I grew some giant chard that was biennial. It's a great green, and yielded tons of seeds its second season. Salad rocket is another good self seeder that's loose in my garden. Dandelion and wild lettuce of course. Yellow dock is another one that is ever present around here.
Celery is one plant I have just had go to seed and want to see and taste more of.
At my place:
Arugla (rocket), both annual Eruca saliva which self-seeded in the hoop house, and perennial Diplotaxis tenuifolia which transported to my new property on an empty clay pot.
Lettuces got into everything the year I wanted to see what the flowers looked like. That took about 2 years to grub out (pre-permie tidy gardening)
Chard has come back in the hoop house too. I guess things kind of got out of hand last summer but I have some actual experience on the power of neglect.
Like most of you I love volunteers or self-seeded plants. I almost always get volunteers from red Hopi amaranth (Amaranthus cruentus), vine spinach or basella (Basella rubra) , quail grass (Celosia argentea), rice beans (vigna umbellata)spider wisp (Cleome gyandra), purslane (Portulaca oleracae), orach (Atriplex hortensis), shiso (Perilla fructans), and hyacinth beans (Lablab purpureus), as well as some of the ones others have mentioned. The edge of the compost piles is always a rich zone for free plants. One of the great things about self-seeders is they select for success in your conditions and they decide when is a good time to sprout, saving you some guesswork.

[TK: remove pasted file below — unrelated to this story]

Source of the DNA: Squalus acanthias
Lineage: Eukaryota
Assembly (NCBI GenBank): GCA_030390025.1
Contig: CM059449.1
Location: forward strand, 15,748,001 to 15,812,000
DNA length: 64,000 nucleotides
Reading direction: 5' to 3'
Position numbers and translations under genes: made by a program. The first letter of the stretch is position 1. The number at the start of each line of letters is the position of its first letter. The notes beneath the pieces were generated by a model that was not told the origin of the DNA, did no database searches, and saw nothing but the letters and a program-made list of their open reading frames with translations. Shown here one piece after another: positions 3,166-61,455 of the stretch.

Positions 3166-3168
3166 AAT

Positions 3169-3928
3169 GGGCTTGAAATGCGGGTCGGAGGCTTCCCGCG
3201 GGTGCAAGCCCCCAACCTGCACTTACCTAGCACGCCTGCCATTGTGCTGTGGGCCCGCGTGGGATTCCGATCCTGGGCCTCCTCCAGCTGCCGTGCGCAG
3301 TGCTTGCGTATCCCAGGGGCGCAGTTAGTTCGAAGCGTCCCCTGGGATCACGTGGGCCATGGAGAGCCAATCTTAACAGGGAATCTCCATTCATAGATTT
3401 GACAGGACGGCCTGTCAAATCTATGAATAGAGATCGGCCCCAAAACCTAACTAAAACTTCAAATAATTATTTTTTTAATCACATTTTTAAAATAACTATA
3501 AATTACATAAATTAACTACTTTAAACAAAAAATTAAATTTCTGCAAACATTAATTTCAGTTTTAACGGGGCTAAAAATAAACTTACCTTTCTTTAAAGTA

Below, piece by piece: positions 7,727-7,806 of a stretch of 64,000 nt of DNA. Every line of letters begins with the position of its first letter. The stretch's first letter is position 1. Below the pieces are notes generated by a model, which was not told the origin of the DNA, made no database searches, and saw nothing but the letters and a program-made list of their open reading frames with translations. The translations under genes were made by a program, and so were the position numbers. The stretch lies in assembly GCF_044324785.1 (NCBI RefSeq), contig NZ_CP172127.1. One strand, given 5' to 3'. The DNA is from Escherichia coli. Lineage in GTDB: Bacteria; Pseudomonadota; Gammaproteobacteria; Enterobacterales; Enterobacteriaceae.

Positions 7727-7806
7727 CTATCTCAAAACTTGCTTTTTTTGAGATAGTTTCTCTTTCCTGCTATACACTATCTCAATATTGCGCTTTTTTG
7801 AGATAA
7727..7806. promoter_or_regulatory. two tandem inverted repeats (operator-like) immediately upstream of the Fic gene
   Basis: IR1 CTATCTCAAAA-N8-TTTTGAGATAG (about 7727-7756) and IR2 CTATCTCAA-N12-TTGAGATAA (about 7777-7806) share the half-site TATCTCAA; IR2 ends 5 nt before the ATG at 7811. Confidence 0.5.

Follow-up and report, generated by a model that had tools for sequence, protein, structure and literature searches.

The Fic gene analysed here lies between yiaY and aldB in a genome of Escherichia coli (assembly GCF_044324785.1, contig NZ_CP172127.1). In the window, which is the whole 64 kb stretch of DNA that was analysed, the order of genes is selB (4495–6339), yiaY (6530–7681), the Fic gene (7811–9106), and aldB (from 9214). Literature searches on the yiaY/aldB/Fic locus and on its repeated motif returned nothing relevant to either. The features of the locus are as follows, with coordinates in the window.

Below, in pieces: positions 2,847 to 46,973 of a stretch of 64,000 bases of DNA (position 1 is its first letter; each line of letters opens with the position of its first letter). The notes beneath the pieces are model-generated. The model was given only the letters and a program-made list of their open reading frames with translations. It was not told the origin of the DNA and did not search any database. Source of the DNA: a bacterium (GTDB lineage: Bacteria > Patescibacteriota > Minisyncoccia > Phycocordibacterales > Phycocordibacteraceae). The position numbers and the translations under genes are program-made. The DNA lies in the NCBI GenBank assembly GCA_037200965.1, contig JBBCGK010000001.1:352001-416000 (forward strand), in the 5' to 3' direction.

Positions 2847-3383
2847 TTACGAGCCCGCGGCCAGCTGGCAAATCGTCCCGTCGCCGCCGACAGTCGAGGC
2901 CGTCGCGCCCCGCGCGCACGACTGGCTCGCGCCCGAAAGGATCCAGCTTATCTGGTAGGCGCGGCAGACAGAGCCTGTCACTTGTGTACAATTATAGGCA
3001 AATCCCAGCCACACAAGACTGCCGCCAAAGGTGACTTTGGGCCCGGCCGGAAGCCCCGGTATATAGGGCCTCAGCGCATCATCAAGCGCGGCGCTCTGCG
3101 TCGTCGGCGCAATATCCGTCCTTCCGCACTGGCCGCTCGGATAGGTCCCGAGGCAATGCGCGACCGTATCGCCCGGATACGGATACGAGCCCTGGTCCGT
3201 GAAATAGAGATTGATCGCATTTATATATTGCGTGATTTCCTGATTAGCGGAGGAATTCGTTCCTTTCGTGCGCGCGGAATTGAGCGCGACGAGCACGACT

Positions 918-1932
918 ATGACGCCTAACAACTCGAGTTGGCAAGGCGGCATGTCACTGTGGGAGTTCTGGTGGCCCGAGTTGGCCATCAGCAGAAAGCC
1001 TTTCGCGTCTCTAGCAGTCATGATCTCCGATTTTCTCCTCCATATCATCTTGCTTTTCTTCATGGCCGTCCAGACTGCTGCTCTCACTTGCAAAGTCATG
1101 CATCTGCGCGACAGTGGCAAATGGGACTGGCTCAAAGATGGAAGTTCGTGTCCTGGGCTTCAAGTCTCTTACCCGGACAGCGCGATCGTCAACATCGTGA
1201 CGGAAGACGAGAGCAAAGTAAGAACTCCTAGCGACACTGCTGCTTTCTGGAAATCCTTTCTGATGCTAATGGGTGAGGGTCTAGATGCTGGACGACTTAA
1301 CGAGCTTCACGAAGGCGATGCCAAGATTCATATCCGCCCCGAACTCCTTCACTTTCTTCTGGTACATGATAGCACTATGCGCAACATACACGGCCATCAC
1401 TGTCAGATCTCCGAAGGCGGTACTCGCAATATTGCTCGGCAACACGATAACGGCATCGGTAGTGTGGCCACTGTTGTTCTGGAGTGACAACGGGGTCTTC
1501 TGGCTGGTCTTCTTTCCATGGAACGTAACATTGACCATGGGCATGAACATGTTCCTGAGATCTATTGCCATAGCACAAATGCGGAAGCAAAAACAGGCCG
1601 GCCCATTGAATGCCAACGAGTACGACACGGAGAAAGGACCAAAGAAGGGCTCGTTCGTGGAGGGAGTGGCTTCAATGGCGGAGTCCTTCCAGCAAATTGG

The harder I work, the luckier I get. -Sam Goldwyn So tiny. - this ad:
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